• 1968 Dematerialisation Show, Ikon Gallery, London. [archive
  • Vat 68, The Herbert Art Gallery, Coventry.
  • 1969 Pinacotheca Gallery, Melbourne.
  • 1971 The Air-Conditioning Show, Visual Arts Gallery, New York. [archive]
  • Art & Language, Galerie Daniel Templon, Paris.
  • Art & Language, Galleria Sperone, Torino.
  • Tape Show: Exhibition of Lectures’, Dain Gallery, New York.
  • Questionnaire, Galleria Daniel Templon, Milano.
  • 1972 The Art & Language Institute, Galerie Daniel Templon, Paris [archive].
  • Documenta Memorandum, Galerie Paul Maenz, Cologne. [archive]
  • Analytical Art, Galerie Daniel Templon, Paris [archive]
  • 1973 Index 002 Bxal, John Weber Gallery, New York. [archive]
  • Art & Language, Galerie Paul Maenz, Cologne.
  • Art & Language, Lisson Gallery, London.
  • Annotations, Galerie Daniel Templon, Paris.
  • 1974 Galleria Sperone, TurinGalerie Paul Maenz, Cologne.
  • Art & Language, Galerie Bischofberger, Zürich.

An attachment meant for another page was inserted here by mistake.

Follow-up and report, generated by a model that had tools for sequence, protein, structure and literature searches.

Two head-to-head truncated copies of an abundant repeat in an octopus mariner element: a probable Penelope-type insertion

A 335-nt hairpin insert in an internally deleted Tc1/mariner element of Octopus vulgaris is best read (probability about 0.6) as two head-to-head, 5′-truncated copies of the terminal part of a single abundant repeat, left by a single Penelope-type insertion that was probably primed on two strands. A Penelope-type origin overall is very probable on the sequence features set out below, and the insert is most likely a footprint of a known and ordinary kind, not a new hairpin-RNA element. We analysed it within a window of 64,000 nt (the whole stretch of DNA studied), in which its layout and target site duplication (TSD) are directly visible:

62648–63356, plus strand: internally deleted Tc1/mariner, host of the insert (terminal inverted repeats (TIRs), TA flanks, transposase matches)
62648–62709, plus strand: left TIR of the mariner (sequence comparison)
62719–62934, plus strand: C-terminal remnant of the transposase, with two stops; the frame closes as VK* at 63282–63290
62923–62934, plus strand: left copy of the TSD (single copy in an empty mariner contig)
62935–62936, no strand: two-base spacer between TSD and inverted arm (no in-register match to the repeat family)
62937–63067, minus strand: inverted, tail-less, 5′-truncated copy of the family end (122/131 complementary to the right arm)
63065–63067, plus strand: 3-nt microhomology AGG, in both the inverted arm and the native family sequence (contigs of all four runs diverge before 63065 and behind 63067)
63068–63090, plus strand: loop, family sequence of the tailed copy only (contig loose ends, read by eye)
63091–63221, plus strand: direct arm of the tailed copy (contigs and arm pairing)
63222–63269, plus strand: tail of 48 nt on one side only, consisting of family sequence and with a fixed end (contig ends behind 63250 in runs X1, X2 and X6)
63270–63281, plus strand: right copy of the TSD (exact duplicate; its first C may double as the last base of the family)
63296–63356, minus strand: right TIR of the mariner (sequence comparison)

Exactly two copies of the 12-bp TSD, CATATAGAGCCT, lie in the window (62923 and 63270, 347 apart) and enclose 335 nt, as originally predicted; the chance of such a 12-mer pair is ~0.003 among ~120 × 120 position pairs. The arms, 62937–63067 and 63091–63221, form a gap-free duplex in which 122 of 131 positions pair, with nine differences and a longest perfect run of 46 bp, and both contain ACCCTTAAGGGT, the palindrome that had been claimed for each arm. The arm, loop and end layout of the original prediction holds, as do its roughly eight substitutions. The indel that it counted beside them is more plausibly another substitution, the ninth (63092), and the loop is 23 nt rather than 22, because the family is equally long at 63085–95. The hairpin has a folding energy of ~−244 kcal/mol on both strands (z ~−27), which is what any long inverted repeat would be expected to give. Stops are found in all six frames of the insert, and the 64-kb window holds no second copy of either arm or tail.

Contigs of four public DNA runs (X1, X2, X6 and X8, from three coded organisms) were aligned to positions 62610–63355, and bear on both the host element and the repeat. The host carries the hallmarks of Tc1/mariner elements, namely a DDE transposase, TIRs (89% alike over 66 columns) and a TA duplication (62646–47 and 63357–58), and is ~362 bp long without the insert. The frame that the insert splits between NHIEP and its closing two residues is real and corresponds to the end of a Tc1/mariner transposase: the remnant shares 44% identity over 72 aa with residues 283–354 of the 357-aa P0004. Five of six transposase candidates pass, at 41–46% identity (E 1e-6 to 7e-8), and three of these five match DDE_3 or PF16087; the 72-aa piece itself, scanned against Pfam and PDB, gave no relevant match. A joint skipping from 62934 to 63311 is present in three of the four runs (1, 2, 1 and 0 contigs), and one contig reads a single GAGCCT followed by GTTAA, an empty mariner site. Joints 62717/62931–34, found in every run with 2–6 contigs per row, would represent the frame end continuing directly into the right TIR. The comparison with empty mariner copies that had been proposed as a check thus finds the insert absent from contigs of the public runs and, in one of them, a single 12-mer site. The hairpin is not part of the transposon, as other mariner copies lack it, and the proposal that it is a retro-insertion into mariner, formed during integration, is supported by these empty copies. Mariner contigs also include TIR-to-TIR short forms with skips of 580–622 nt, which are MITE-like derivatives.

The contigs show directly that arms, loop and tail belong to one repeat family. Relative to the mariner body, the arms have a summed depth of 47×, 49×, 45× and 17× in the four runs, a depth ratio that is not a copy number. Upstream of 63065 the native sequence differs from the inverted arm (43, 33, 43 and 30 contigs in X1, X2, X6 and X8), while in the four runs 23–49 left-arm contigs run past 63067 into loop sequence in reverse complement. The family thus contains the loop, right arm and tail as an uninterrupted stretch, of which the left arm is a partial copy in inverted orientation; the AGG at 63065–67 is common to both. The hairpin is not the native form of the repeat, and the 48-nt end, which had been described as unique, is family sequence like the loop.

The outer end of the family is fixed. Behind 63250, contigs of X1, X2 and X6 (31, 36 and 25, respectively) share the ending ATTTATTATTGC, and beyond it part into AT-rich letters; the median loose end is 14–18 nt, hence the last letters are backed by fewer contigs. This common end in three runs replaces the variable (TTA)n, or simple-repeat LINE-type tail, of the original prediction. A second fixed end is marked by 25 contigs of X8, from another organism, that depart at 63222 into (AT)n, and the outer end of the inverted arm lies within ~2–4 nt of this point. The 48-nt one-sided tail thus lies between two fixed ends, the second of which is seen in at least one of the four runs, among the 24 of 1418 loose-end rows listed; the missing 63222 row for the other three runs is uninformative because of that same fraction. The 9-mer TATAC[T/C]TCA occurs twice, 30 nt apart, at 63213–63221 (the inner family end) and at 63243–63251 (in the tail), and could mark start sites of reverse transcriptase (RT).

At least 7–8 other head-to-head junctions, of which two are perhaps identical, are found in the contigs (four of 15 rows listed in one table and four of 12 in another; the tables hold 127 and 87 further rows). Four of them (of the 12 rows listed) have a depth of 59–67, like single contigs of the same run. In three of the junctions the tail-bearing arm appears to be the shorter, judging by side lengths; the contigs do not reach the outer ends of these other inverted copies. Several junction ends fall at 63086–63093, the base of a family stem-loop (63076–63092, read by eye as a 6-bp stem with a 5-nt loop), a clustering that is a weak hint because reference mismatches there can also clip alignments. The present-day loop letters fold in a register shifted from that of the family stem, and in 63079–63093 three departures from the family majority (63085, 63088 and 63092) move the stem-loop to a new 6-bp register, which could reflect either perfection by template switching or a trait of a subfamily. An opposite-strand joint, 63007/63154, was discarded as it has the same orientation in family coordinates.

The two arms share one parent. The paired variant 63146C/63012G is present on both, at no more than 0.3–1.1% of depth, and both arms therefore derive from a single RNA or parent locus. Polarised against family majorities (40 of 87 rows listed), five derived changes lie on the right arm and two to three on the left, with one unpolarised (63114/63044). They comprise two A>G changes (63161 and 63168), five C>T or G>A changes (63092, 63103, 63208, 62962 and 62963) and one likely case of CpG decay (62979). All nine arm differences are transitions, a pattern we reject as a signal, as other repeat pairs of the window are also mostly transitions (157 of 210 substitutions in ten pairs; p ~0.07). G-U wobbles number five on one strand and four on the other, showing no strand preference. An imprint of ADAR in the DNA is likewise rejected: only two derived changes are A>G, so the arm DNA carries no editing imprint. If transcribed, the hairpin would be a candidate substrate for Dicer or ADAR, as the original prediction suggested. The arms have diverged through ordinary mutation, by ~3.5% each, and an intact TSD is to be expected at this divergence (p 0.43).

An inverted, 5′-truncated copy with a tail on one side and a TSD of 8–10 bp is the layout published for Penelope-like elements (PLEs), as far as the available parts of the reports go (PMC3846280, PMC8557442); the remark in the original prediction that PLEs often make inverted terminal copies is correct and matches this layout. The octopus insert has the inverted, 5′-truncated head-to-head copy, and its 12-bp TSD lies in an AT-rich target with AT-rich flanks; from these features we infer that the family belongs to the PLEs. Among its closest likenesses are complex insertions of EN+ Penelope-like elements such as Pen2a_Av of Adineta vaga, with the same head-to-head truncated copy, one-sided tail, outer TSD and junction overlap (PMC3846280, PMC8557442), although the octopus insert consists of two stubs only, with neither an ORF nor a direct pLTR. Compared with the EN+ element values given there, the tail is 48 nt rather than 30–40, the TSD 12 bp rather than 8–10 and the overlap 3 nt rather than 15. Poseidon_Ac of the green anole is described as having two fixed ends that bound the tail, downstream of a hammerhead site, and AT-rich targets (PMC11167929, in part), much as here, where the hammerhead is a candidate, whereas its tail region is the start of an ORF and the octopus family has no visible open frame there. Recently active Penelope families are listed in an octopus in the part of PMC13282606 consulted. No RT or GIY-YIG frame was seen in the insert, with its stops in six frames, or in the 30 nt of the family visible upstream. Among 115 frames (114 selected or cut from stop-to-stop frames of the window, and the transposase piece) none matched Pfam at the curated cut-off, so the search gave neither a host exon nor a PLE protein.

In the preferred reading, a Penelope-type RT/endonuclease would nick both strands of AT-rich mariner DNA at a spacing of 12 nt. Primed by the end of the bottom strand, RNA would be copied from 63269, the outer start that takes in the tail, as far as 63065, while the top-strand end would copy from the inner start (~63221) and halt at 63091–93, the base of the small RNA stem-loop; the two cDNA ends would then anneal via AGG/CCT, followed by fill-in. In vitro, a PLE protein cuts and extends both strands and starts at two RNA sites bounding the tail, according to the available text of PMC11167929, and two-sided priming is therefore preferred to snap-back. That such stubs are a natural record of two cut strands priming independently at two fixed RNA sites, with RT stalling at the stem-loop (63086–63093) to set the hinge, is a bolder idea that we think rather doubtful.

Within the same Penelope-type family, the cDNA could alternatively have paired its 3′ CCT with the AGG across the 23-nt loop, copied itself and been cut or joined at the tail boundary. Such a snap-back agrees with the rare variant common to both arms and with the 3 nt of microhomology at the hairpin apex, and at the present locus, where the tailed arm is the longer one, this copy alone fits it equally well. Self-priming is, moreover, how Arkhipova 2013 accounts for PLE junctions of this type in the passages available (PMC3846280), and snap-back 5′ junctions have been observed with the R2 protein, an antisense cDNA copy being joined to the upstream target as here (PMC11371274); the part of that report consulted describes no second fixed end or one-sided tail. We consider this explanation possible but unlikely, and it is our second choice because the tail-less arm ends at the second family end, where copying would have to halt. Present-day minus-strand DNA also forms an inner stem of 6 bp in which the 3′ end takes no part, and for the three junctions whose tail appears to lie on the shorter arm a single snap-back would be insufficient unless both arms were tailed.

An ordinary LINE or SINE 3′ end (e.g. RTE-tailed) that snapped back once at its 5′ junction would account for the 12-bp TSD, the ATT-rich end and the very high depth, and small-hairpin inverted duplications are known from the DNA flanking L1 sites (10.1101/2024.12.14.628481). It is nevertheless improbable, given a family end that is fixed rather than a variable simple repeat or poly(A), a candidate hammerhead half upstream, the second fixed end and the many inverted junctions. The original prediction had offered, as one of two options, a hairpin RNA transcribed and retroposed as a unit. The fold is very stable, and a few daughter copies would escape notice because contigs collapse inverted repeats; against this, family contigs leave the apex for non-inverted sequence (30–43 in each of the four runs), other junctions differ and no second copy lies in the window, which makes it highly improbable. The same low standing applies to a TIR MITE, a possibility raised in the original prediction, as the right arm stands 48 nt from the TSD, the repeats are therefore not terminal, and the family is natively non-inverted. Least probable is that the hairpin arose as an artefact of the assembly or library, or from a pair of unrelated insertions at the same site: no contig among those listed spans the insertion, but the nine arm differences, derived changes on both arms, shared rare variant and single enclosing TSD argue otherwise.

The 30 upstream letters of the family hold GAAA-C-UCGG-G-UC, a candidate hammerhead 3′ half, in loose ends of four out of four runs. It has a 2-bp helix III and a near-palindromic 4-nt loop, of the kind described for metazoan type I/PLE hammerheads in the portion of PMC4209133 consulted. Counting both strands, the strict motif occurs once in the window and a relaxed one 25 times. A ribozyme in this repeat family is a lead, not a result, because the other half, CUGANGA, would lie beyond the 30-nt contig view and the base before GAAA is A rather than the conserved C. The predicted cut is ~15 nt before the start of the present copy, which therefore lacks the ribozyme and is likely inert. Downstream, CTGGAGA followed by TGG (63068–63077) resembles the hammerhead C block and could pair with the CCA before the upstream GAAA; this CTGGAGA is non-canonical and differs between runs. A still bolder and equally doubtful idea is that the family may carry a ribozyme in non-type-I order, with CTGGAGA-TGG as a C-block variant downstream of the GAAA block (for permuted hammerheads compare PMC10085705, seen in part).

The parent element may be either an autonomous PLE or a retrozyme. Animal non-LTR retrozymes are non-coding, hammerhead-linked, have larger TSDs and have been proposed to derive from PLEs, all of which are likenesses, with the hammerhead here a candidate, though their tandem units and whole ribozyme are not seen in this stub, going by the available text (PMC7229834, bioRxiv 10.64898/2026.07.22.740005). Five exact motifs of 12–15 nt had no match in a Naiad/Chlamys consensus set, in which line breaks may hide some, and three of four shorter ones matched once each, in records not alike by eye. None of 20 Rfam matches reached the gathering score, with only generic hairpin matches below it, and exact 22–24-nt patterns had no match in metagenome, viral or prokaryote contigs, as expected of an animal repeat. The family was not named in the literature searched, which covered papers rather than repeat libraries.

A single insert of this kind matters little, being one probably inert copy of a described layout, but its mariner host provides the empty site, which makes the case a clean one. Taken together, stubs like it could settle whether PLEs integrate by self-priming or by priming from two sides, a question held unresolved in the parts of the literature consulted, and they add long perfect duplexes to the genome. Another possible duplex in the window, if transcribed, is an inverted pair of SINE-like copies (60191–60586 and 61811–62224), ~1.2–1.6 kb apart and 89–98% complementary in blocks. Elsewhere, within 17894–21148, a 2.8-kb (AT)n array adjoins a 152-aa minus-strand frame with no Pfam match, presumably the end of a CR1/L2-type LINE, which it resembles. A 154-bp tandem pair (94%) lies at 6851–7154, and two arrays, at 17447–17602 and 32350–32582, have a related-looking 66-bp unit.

• Art & Language, Galleria Schema, Florence.
  • Art & Language, Lisson Gallery, London.
  • Art & Language, Galerie MTL, Brussels.
  • Art & Language, Studentski Kulturni Centar, Belgrade.
  • 1975 New York <—> Australia, Art Gallery of New South Wales,Sydney, and the National Gallery of Victoria, Melbourne.
  • Art & Language, Foksal Gallery, Warsaw.
  • Dialectical Materialism, Galleria Schema, Florence.
  • Art & Language, Galerie Ghislain Mollet-Viéville, Paris.
  • Art & Language, Galerie MTL, Brussels.
  • ‘Piggy-Cur-Perfect’, Auckland City Art Gallery, Auckland.
  • Music-Language, John Weber Gallery, New York.
  • 1976 Music-Language, Galerie Eric Fabre, Paris.
  • Art & Language, Museum of Modern Art, Oxford. [archive]
  • 1977 10 Posters: Illustrations for Art-Language, Robert Self Gallery, London.
  • Music-Language, Galleria Lia Rumma, Rome et Naples